EL PASO, Tx. Lowriders are known for their beautiful paint job and stylish designs. Hispanic pride is reflected in many communities throughout the country by the caravans that are made of chrome and culture.
The love for lowriders is deep in El Paso Texas.
Jason Medina stated, “You can go to other people and they have a $2,000 BBQ grill.” “This so happens to be our thing, that’s all.”
Every Sunday there is a parade of pride when car lovers come together for a Sunday cruise to showcase their mobile masterpieces.
“We’ll bring the wives. We’ll bring the kids. We’ll cruise, and then, we’ll close the day with a good meal,” said Javier Nunez, president of Authentic Car Club in El Paso.
No detail is overlooked, from the interior to the roof and down to the wheels. All the cars have chrome, hydraulics and glittery paint.
“I chose to go with Joker. I like him because he’s not a regular superhero,” said Javier Pedroza, president of Slow and Low Car Club in El Paso.
Although some people here disagree on the origin of lowriders, everyone agrees that it is important for Hispanic communities.
The Chicano movement of the 1960s saw lowrider culture grow even more. Car club members said it’s a way to honor their Mexican-American roots.
“It’s all about the heritage and the culture that we were brought up,” said Mando Espinoza, owner of EPTcruising.com. “It’s an image of each individual, their lifestyle.”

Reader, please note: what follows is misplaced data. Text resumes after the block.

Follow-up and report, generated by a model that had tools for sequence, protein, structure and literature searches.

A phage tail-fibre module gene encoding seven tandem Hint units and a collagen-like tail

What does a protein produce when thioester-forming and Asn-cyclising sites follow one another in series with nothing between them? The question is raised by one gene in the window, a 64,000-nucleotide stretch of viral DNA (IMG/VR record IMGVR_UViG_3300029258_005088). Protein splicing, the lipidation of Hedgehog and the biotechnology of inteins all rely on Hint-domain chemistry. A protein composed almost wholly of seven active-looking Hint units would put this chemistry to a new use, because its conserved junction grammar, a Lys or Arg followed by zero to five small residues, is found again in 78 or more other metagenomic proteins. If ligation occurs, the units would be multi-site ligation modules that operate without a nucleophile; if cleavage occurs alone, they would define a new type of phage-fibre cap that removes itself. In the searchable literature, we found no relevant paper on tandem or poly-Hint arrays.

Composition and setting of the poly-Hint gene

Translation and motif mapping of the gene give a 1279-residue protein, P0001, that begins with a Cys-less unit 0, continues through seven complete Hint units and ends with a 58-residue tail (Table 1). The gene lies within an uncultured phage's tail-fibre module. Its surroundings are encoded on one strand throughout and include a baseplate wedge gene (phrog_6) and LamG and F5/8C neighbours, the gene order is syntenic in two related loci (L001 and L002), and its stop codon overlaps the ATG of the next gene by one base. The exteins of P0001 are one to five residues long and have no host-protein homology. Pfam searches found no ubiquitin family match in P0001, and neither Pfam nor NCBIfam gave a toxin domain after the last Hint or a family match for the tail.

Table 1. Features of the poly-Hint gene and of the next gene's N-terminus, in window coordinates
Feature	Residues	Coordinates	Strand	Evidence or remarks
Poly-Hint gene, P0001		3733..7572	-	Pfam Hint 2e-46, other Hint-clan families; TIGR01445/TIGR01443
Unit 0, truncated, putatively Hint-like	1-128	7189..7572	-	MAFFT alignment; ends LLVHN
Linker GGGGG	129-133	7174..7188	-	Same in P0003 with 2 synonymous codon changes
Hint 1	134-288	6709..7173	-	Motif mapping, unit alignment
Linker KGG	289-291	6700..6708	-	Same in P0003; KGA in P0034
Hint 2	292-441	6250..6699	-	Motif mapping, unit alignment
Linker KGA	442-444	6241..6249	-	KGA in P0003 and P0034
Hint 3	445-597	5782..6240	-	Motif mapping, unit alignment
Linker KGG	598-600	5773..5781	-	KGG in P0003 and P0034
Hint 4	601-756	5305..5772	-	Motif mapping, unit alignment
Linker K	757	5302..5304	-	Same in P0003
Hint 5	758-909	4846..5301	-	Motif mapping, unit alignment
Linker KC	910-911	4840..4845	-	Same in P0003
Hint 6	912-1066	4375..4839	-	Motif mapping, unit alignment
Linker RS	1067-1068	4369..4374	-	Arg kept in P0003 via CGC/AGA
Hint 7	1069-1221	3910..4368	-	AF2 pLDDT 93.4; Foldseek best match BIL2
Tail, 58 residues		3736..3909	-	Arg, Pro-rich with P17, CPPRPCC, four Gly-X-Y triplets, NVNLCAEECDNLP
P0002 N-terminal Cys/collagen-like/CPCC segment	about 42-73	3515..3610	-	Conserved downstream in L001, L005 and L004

Espinoza stated that cars are a canvas for culture and personality.
But custom vehicles can be associated with negative stereotypes.
Car club members are trying to change these stereotypes. Many clubs have an application procedure. Some have rule books and background checks.
They are also active in the community.
“We’ve done a lot of fundraising. We’ve done a lot of donating. We help families in crisis. We’ve done it all,” said Pedroza.
Members hope that people will reconsider judging a book’s cover, despite what outsiders may think.
“We’re hardworking people,” Pedroza said.
The lowrider community acknowledged that it is a labor of love and requires dedication, time, and money.
However, they added it’s more than a hobby – it’s a lifestyle with family at its core.
“It’s just me and my sister and my parents so I don’t really have a lot of family, but I come here,” Medina said. It’s like a family.